Rubaiyat of Omar Khayyam

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I recently had the opportunity to read a couple of books on Omar Khayyam. His name always seemed familiar, and I’m glad I somehow stumbled on these two books – one is called Samarkand (novel by Amin Maalouf) which takes the reader on a temporal and spatial journey across Persia (Iran) following a fictional manuscript which eventually is lost in the sinking of the Titanic. I enjoyed reading the book, so I picked up Edward FitzGerald’s translation of Omar Khayyams rubaiyat. Here are a few favorites:

Here with a Loaf of Bread beneath the Bough,
A Flask of Wine, a Book of Verse – and Thou
Beside me singing in the Wilderness –
And Wilderness is Paradise enow.

Some for the Glories of This World;
and some Sigh for the Prophet’s Paradise to come;
Ah, take the Cash, and let the Credit go,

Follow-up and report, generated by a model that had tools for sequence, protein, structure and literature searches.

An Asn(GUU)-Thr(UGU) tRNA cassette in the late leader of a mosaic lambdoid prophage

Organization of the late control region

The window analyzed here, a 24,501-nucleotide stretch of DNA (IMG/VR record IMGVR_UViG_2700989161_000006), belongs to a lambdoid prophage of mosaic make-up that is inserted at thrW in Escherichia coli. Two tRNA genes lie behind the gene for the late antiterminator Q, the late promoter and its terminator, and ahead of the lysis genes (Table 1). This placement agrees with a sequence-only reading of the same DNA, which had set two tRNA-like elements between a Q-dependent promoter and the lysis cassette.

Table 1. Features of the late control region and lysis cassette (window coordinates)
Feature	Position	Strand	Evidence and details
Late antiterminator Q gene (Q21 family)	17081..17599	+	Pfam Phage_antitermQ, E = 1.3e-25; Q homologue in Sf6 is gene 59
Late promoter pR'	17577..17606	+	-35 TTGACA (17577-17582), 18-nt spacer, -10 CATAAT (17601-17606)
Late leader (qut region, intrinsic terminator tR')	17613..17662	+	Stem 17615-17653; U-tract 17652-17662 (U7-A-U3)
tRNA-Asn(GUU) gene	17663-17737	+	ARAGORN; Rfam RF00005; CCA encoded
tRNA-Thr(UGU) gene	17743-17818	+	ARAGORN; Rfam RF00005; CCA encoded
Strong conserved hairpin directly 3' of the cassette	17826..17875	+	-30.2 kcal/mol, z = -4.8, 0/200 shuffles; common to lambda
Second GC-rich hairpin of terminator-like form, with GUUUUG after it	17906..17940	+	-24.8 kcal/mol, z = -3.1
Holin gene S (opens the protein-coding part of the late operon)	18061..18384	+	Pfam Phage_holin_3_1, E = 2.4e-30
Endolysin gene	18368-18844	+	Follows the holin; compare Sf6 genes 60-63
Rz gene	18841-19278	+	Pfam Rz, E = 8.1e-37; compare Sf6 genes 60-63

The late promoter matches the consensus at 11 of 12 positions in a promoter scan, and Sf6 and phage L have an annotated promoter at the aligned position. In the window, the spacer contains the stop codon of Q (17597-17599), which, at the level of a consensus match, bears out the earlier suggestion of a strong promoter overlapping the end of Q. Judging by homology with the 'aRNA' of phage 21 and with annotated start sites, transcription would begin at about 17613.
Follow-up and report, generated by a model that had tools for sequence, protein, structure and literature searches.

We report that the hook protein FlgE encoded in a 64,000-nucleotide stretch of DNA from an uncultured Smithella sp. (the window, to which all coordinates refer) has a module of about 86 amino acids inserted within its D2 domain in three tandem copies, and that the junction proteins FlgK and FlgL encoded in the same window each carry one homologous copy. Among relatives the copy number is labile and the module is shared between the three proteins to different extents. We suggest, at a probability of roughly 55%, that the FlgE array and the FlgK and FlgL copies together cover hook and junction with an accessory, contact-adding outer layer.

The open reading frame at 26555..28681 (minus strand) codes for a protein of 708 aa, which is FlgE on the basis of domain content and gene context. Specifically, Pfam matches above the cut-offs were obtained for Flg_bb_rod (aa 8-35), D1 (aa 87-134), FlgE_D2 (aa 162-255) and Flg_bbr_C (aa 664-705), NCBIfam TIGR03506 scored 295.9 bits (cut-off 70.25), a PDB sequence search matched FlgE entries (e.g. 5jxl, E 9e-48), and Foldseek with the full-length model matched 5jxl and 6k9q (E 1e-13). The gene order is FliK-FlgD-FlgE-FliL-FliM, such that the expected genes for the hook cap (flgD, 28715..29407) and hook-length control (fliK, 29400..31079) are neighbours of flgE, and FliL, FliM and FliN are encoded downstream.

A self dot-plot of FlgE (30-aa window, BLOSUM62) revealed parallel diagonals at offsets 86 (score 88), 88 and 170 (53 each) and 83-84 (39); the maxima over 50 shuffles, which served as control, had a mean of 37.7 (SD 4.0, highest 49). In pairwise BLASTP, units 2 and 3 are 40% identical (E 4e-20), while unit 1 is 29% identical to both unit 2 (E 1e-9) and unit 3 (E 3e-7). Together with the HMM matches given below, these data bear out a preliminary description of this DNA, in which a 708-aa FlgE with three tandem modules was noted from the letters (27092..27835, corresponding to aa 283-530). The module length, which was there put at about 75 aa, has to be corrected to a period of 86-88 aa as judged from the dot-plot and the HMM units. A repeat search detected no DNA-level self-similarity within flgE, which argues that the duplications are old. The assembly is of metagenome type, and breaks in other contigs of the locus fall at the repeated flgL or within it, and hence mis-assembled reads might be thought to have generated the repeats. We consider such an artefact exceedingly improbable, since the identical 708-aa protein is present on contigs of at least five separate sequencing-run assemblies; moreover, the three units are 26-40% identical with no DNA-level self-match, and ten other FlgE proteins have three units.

Nor heed the rumble of a distant Drum!

Alike for those who for To-day prepare,
And those that after some To-morrow stare,
A Muezzin from the Tower of Darkness cries
“Fools! your Reward is neither Here nor There.”

Oh, threats of Hell and Hopes of Paradise!
One thing at least is certain–This Life flies;
One thing is certain and the rest is Lies;
The Flower that once has blown for ever dies.

Strange, is it not? that of the myriads who
Before us pass’d the door of Darkness through,
Not one returns to tell us of the Road,
Which to discover we must travel too.

As under cover of departing Day
Slunk hunger-stricken Ramazan away,
Once more within the Potter’s house alone
I stood, surrounded by the Shapes of Clay.

 

Shapes of all Sorts and Sizes, great and small,
That stood along the floor and by the wall;
And some loquacious Vessels were; and some
Listen’d perhaps, but never talk’d at all.

But helpless pieces in the game He plays
Upon this chequer-board of Nights and Days
He hither and thither moves, and checks … and slays
Then one by one, back in the Closet lays

The Moving Finger writes: and, having writ,
Moves on: nor all thy Piety nor Wit
Shall lure it back to cancel half a Line,
Nor all thy Tears wash out a Word of it.

Ah, make the most of what we yet may spend,
Before we too into the Dust descend;
Dust into Dust, and under Dust to lie
Sans Wine, sans Song, sans Singer, and–sans End!

 

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